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Pence Is Mystery Winner of Hispanic Leadership Award

Updated: May 20, 7:08 p.m.

House Republican Conference Chairman Mike Pence is receiving a leadership achievement award for his contributions to the Hispanic community, but nobody — including Pence — can seem to figure out why.

The Congressional Hispanic Leadership Institute is bestowing its 2010 public service award to Pence in a Thursday night ceremony because of “his extraordinary sensitivity toward and friendship with the U.S. Hispanic community,” according to a statement by Rep. Lincoln Diaz-Balart (R-Fla.), who is board chairman for the nonprofit.

But GOP and Democratic lawmakers who have played a hand in advancing priorities to the Hispanic community, including comprehensive immigration reform, said they were puzzled by the honor. Even Pence was unsure of why he was being given the award.

“I’ll know better tonight after they say why they gave it to me,” the Indiana Republican said. He laughed when asked if he was waiting to see what he was being recognized for, adding that he hoped he was being honored because he has “heart for the Hispanic American community, their principles and their values.”

CHLI executive director Octavio Hinojosa said Pence is being recognized for his “collective leadership” and his “willingness to work on comprehensive immigration reform.” Pence is also being honored for talking with Republican lawmakers “about the need to engage folks on the other side of the aisle” on issues of importance to Hispanics, according to Hinojosa.

But when asked if he has been reaching out to Democrats to craft a bipartisan immigration reform plan, Pence said, “I haven’t been.”

Asked what he has done specifically for Hispanics, Pence said that under his leadership as Conference Chairman, Republicans provided the first-ever Spanish-language GOP response to the State of the Union. He said he has also organized meetings between Republican lawmakers and the Hispanic Chamber of Commerce.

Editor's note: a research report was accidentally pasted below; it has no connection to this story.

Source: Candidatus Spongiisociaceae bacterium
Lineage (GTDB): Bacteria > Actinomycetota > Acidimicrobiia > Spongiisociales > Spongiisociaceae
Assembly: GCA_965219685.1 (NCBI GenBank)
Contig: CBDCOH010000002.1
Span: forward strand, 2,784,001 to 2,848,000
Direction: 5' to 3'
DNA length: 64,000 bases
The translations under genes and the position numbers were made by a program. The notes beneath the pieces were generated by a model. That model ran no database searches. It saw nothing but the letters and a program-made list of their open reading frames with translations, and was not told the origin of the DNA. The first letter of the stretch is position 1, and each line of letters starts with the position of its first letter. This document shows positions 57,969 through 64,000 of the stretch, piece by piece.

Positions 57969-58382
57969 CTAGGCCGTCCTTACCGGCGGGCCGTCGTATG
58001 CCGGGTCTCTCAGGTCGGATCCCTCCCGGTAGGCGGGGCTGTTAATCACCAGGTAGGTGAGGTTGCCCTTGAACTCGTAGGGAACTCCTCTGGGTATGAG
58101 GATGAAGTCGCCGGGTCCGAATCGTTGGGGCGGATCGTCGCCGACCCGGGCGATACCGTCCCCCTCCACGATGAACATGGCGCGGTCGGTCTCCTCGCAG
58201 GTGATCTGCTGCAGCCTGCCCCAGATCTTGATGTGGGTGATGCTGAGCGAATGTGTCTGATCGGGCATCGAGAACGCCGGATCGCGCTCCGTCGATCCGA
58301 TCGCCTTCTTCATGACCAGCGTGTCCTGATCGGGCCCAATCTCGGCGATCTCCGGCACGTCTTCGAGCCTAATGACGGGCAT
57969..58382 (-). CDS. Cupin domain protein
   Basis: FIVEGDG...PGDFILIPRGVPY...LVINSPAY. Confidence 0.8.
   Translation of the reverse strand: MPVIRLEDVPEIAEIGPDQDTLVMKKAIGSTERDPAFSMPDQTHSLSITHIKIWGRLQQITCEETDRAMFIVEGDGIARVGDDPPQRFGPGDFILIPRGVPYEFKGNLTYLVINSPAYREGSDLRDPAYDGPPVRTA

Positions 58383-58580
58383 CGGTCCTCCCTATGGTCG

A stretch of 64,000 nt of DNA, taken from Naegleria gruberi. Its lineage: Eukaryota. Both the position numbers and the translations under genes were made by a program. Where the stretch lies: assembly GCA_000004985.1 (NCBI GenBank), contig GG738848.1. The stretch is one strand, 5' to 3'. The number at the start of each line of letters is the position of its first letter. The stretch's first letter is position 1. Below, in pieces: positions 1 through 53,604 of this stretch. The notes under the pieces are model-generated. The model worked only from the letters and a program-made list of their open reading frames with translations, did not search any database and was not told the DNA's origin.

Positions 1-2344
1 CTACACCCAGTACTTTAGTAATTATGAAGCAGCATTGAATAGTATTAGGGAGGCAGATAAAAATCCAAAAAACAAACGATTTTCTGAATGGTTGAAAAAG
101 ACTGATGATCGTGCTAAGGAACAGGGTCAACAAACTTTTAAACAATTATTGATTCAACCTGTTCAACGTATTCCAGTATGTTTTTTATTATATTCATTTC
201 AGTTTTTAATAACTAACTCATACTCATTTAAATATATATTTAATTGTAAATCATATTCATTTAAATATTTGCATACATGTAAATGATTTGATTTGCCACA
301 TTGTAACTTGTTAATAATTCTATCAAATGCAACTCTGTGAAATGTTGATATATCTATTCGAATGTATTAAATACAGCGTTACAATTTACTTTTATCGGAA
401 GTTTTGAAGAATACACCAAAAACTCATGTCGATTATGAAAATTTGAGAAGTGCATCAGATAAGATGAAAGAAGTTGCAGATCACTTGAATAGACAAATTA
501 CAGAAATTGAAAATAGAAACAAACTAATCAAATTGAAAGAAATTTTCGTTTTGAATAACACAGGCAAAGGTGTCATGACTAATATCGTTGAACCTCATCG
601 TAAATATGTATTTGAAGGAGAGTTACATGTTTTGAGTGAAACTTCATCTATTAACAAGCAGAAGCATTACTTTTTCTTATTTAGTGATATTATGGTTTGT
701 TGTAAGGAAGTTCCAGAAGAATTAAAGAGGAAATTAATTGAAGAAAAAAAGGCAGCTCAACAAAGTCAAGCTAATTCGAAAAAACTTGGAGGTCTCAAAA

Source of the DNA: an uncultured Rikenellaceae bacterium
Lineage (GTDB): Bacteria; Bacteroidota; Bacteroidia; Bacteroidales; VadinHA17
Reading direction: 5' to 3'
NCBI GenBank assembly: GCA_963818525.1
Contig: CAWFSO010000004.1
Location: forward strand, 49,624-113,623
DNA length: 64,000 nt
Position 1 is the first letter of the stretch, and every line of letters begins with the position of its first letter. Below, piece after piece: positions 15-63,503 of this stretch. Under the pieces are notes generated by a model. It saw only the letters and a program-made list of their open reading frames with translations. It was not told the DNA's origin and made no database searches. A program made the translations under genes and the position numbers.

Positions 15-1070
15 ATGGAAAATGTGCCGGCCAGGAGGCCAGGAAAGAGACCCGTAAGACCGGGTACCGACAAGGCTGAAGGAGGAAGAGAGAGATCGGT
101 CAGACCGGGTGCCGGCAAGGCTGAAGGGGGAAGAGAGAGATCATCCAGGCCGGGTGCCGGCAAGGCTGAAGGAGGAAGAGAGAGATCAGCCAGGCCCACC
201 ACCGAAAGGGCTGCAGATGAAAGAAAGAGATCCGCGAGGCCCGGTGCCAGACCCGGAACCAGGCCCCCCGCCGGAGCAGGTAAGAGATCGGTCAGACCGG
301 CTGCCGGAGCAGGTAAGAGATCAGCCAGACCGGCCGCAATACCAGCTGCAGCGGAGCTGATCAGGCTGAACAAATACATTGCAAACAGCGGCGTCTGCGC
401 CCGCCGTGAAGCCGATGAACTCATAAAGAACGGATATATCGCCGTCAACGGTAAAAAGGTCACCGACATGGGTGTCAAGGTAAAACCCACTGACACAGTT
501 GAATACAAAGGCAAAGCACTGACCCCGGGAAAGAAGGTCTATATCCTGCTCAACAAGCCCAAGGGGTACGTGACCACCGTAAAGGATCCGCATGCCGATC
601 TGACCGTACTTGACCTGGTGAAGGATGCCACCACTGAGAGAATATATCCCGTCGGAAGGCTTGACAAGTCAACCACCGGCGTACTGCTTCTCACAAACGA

A Pence aide later highlighted that the Indiana Republican instituted a biweekly GOP address in Spanish and hired a minority outreach staffer when he was elected to GOP leadership.

Regardless of why he is getting the award, Pence said he was “deeply humbled” when Diaz-Balart informed him that he had been chosen. “I think maybe the recognition is because I’ve always believed there is an intersection between compassion and the rule of law,” he said.

On the issue of immigration reform, Pence said he supports beefing up border security but doesn’t support creating a pathway to legalization for illegal immigrants currently in the country, a key component of immigration reform for Democrats and President Barack Obama.

“On that issue, there may be some irreconcilable differences between Republicans and some members of the Hispanic population. The ultimate objective is creating jobs,” he said.

One Republican lawmaker who has played a hand in past efforts to advance immigration reform laughed and declined comment when told that Pence was receiving the award.
Leading voices in the Congressional Hispanic Caucus, which continues to press for comprehensive immigration reform, balked when they heard that Pence was being honored for his contributions to Latinos.

“It goes to show that it’s possible to do nothing and be acknowledged for a lifetime of work,” said Rep. Raúl Grijalva (D-Ariz.), who co-chairs the Congressional Progressive Caucus.

Grijalva said Pence has “never voted for anything with the Hispanics” and shot down his 2006 proposal with Sen. Kay Bailey Hutchison (R-Texas) to make illegal immigrants return to their home country, go to a processing center and then re-enter the U.S. legally. At the time, Pence took heat from conservatives in his own party for the proposal, known as the “touchback” provision.

That approach to resolving illegal immigration was also “discredited and opposed by Hispanics,” said the Arizona Democrat.

Rep. Luis Gutierrez (D-Ill.), who chairs the CHC’s Immigration Task Force, said he couldn’t think of anything Pence had done to help the Hispanic community. “He wouldn’t be, like, my first pick” for winning the award, he said.

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